I have heard this question come up now and then where someone wants to separate the names and columns seen by users from the names and users used in SSAS and in the reports. The main benefit this has is that name changes will not result in broken reports.
Turns out there is a neat trick that will allow you to do this. The trick is for you to add a translation to the model in the same language as the culture of the model is set to. As you know at the time of writing Power BI doesn’t support translations (it is planned though: https://docs.microsoft.com/en-us/business-applications-release-notes/october18/intelligence-platform/power-bi-service/dataset-metadata-translations) but when you add a translation for the default language (again the same as the model) Power BI will pick it up automatically .
Lets take a look. First you need SQL Server Tabular 2016 and up or Azure Analysis Services to support translations. Next I create a new model in SSDT and to make sure I check the culture by looking at the BIM file (using code view):
Now we need to add a translation for the same language. Unfortunately the tool doesn’t allow you to add the same language as the model (oops I was the PM who added this feature..) but it is easy to change later. Close the bim file and double click the model again to open it in the visual editor and select manage translations under Model in the top toolbar. Now add any language, select the language and press export.
Now open the JSON file with your favorite editor:
And change the name to the same string as the culture of your model and add the translations.
Save the file and load it back in, go to Model, Translations, Load translation and select the JSON file again.
Now you see the translations is added:
and now when I connect to that model using Power BI I see the translated names:
If I now use them in a visual it shows the translated name:
If I now rename the field using translations again to something else the visual still works and now has the same name (after a refresh):
12 Replies to “Separate business names from technical names using SSAS and Power BI”
This is such an amazing feature as it will give so much flexibility. Too bad I didn’t see this article earlier. However, I have a question. The exported file need to be part of the same solution and needs to be included when promoting to other environments ? I guess I am looking for advice on best practices on where to store this translation json file.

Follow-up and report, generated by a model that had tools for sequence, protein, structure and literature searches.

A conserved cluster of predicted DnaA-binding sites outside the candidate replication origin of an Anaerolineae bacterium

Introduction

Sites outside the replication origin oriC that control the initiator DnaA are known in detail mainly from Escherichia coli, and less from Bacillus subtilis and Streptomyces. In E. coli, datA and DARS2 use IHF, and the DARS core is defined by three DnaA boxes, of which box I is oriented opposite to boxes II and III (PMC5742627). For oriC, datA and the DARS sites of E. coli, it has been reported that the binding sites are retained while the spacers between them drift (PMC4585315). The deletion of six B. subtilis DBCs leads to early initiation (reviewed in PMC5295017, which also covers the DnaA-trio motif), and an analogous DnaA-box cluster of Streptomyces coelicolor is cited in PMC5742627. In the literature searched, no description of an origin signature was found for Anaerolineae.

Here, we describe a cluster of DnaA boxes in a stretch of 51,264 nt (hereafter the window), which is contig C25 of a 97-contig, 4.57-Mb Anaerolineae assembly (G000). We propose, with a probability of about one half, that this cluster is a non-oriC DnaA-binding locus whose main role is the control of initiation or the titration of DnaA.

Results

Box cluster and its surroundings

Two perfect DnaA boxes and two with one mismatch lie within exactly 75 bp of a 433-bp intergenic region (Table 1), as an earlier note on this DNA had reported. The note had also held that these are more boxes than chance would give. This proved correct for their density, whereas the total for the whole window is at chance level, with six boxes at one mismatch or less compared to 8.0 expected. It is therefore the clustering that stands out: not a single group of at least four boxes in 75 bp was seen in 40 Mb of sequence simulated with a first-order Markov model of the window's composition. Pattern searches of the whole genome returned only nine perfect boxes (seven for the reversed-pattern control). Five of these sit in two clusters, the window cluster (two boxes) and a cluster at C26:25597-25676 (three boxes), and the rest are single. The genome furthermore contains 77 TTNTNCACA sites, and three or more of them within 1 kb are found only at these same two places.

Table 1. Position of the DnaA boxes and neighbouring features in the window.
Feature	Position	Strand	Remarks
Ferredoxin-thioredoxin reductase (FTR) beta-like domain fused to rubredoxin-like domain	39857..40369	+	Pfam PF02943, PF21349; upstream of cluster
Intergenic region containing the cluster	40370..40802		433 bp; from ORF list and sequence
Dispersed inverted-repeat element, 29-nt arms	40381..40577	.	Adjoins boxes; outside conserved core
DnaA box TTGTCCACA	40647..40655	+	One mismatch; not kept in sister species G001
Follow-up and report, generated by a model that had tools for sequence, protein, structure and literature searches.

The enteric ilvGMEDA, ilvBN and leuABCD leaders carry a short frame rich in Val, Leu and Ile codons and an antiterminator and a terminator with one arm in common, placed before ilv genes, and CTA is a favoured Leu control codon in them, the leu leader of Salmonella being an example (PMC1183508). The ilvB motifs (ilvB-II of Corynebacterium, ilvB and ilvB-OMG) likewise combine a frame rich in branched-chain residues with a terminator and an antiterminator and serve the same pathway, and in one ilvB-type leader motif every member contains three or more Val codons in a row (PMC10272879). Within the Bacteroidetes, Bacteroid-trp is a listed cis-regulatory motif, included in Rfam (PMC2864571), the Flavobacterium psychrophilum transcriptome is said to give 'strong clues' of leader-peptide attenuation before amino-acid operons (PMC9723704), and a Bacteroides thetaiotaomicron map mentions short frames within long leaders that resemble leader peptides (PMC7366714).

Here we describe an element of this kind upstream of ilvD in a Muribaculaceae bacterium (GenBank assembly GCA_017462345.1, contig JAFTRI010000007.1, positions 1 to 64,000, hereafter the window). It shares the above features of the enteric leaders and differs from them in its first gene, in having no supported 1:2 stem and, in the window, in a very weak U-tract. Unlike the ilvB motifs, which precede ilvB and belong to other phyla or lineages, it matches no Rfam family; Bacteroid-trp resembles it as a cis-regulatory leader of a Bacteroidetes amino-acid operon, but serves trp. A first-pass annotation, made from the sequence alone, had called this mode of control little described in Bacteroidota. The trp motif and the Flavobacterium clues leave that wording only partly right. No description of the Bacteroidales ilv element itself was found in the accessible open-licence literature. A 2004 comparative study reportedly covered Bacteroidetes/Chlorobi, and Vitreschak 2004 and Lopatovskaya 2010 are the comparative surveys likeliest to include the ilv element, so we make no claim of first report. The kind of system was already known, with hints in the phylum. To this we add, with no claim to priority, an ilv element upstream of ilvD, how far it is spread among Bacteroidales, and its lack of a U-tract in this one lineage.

You don’t have to store this translation file, the translations themselves will become part of the model after you commit them (you can see them in the bim file). The json file is just a convenience feature to make editing easier.
Does this trick also work for Excel?
it does !
This does not create a default translation doesn’t it ?
If a user ha a different (from the cube one) locale identifier, without any translation defined for, I think he obtains the technical labels and not the default translation labels.
Can you confirm ? Is there any solution for that ?
this is interesting, but what I really need is to be able to have member caption translations. One of the main reasons why we cannot use Tabular models in our line of work is that the UID of the member is completely tied to the description. This means that if the descriptions change, our queries / reports will break.
I was hoping that translation columns would allow me to have one column in the model language, and then display a different column in the users’ language to get around this issue. Do you know if this feature (or the ability to set a key/description pair) is on the roadmap?
Hoi Kasper, zou het kunnen dat dit nu niet meer werkt? Zou het ook kunnen zijn dat dit komt omdat ik SQL 2017 gebruik en jij in dit artikel SQL 2016 gebruikt?
Reports in existing power model breaking after pointing to an ssas with translation although translated names are exactly similar to the ones used in the report. Can you please help
Hello ! I followed all the steps above, however I do not see the “translated” names on Power BI, only on Excel. Is there an extra step I need to do to see the translations on Power BI interface ?
Make sure you set up the model in the right default locale (same as the model)
Is it possible to take this approach with a strictly PowerBI model (July 2020 version). I.e. one that does not connect to a separate SSAS tabular model. I saved my model as a PowerBI Template (*.pbit) and opened it in Tabular Editor. I then exported the translation file (en-US) as a JSON file, but it doesn’t have the the same elements as an SSAS tablular model, especially after the cultures section.
Taking a leap, but I am going to try and replicate my PowerBI model in SSAS, create the translation JSON file and see whether I can import it into my PowerBI model.
You cannot do it with Power BI yet in a supported way. (you can do it but dont call MS if it breaks..). You’ll have to be a bit more patient.